A panoramic history of the savage combat on the Western Front between 1914 and 1918 that came to define modern warfare.
The Western Front evokes images of mud-spattered men in waterlogged trenches, shielded from artillery blasts and machine-gun fire by a few feet of dirt. This iconic setting was the most critical arena of the Great War, a 400-mile combat zone stretching from Belgium to Switzerland where more than three million Allied and German soldiers struggled during four years of almost continuous combat. It has persisted in our collective memory as a tragic waste of human life and a symbol of the horrors of industrialized warfare.
In this epic narrative history, the first volume in a groundbreaking trilogy on the Great War, acclaimed military historian Nick Lloyd captures the horrific fighting on the Western Front beginning with the surprise German invasion of Belgium in August 1914 and taking us to the Armistice of November 1918. Drawing on French, British, German, and American sources, Lloyd weaves a kaleidoscopic chronicle of the Marne, Passchendaele, the Meuse-Argonne, and other critical battles, which reverberated across Europe and the wider war. From the trenches where men as young as 17 suffered and died, to the headquarters behind the lines where Generals Haig, Joffre, Hindenburg, and Pershing developed their plans for battle, Lloyd gives us a view of the war both intimate and strategic, putting us amid the mud and smoke while at the same time depicting the larger stakes of every encounter. He shows us a dejected Kaiser Wilhelm II—soon to be eclipsed in power by his own generals—lamenting the botched Schlieffen Plan; French soldiers piling atop one another in the trenches of Verdun; British infantryman wandering through the frozen wilderness in the days after the Battle of the Somme; and General Erich Ludendorff pursuing a ruthless policy of total war, leading an eleventh-hour attack on Reims even as his men succumbed to the Spanish Flu.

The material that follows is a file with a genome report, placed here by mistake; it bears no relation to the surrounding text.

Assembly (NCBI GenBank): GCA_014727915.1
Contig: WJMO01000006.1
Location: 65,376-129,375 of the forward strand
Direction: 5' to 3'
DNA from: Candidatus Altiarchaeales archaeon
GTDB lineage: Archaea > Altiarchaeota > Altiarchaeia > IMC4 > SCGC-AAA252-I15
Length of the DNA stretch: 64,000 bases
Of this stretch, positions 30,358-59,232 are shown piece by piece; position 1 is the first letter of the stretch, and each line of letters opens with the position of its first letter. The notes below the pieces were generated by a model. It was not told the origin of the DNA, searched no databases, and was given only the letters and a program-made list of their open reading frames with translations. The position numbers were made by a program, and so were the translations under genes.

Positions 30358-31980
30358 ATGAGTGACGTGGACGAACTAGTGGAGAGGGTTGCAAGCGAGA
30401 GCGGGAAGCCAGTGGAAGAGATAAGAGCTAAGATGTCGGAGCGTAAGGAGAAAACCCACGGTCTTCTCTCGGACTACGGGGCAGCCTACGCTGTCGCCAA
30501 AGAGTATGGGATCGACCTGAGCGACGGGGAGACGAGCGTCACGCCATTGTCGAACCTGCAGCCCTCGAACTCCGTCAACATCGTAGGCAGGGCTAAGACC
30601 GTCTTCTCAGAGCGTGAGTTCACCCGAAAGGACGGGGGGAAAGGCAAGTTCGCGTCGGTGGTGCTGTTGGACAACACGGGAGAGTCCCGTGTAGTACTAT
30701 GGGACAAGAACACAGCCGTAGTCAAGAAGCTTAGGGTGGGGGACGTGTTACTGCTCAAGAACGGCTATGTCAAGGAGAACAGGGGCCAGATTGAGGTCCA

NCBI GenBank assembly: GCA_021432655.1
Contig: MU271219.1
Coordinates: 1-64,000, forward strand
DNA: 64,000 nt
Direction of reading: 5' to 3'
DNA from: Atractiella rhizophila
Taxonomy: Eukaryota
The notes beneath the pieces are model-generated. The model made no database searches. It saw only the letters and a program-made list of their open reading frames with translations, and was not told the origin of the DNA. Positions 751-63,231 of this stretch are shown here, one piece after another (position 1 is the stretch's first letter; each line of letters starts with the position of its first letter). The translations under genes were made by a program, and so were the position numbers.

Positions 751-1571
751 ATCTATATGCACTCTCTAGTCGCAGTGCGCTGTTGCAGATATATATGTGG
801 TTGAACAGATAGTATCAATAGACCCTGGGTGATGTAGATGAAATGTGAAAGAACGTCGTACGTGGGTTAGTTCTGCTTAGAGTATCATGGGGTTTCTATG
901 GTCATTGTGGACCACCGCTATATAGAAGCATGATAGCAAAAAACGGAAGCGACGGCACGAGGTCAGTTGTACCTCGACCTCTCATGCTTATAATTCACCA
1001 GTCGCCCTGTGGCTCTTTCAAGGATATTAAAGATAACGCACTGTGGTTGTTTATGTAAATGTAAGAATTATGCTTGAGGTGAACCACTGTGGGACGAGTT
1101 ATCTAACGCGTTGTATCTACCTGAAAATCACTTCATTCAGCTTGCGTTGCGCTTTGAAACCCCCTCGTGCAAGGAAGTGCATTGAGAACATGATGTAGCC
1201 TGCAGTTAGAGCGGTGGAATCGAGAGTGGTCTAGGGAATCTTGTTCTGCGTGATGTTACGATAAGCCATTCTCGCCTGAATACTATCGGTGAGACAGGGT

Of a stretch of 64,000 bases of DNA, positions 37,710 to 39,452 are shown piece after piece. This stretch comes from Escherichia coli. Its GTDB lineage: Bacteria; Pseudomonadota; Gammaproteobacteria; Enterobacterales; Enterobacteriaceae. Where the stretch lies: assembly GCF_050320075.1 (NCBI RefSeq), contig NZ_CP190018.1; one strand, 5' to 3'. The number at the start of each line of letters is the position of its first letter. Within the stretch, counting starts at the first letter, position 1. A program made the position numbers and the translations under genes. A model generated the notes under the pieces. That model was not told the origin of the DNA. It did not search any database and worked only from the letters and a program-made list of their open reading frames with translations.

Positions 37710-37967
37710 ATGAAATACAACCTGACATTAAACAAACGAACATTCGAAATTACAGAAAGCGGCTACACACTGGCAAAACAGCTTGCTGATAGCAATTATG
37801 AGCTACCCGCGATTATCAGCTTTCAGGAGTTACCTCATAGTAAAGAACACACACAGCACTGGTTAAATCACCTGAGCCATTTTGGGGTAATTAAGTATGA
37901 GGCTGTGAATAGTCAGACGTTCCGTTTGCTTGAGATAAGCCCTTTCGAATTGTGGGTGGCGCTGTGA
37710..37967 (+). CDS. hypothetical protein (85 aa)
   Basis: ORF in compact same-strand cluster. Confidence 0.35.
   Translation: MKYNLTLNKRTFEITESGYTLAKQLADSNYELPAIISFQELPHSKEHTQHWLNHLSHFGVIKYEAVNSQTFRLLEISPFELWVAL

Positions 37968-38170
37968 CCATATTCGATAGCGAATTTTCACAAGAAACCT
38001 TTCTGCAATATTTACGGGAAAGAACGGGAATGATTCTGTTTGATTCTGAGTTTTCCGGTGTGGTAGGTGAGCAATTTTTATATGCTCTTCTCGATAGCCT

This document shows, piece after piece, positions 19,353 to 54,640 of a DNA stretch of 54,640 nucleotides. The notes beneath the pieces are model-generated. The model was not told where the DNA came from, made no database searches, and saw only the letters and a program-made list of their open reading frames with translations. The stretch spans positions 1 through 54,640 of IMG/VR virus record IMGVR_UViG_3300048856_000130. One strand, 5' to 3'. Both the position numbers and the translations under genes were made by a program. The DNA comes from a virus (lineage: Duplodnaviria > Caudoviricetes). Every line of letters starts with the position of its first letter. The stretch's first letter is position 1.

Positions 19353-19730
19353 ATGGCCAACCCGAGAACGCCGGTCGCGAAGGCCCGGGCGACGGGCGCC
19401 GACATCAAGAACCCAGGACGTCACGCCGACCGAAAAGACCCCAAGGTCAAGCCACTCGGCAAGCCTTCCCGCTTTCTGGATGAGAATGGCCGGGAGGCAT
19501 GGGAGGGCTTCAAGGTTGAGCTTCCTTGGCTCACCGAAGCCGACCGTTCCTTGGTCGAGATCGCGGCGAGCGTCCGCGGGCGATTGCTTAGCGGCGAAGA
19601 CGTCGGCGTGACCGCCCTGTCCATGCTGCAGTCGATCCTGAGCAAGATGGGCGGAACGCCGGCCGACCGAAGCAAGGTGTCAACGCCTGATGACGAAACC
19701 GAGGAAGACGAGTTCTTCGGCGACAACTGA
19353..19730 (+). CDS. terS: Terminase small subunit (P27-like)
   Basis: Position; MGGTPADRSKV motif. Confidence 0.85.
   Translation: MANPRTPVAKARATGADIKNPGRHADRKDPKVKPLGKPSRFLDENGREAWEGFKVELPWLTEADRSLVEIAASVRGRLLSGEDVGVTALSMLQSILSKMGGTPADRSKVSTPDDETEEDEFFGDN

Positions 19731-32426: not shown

As Lloyd reveals, far from a site of attrition and stalemate, the Western Front was a simmering, dynamic “cauldron of war” defined by extraordinary scientific and tactical innovation. It was on the Western Front that the modern technologies—machine guns, mortars, grenades, and howitzers—were refined and developed into effective killing machines. It was on the Western Front that chemical warfare, in the form of poison gas, was first unleashed. And it was on the Western Front that tanks and aircraft were introduced, causing a dramatic shift away from nineteenth-century bayonet tactics toward modern combined arms, reinforced by heavy artillery, that forever changed the face of war.
Brimming with vivid detail and insight, The Western Front is a work in the tradition of Barbara Tuchman and John Keegan, Rick Atkinson and Antony Beevor: an authoritative portrait of modern warfare and its far-reaching human and historical consequences.
About the Author
One of Britain’s new generation of military historians, Nick Lloyd is a Professor of Modern Warfare at King’s College London and the author of four books on World War I, including Hundred Days and Passchendaele. He lives in Cheltenham, England.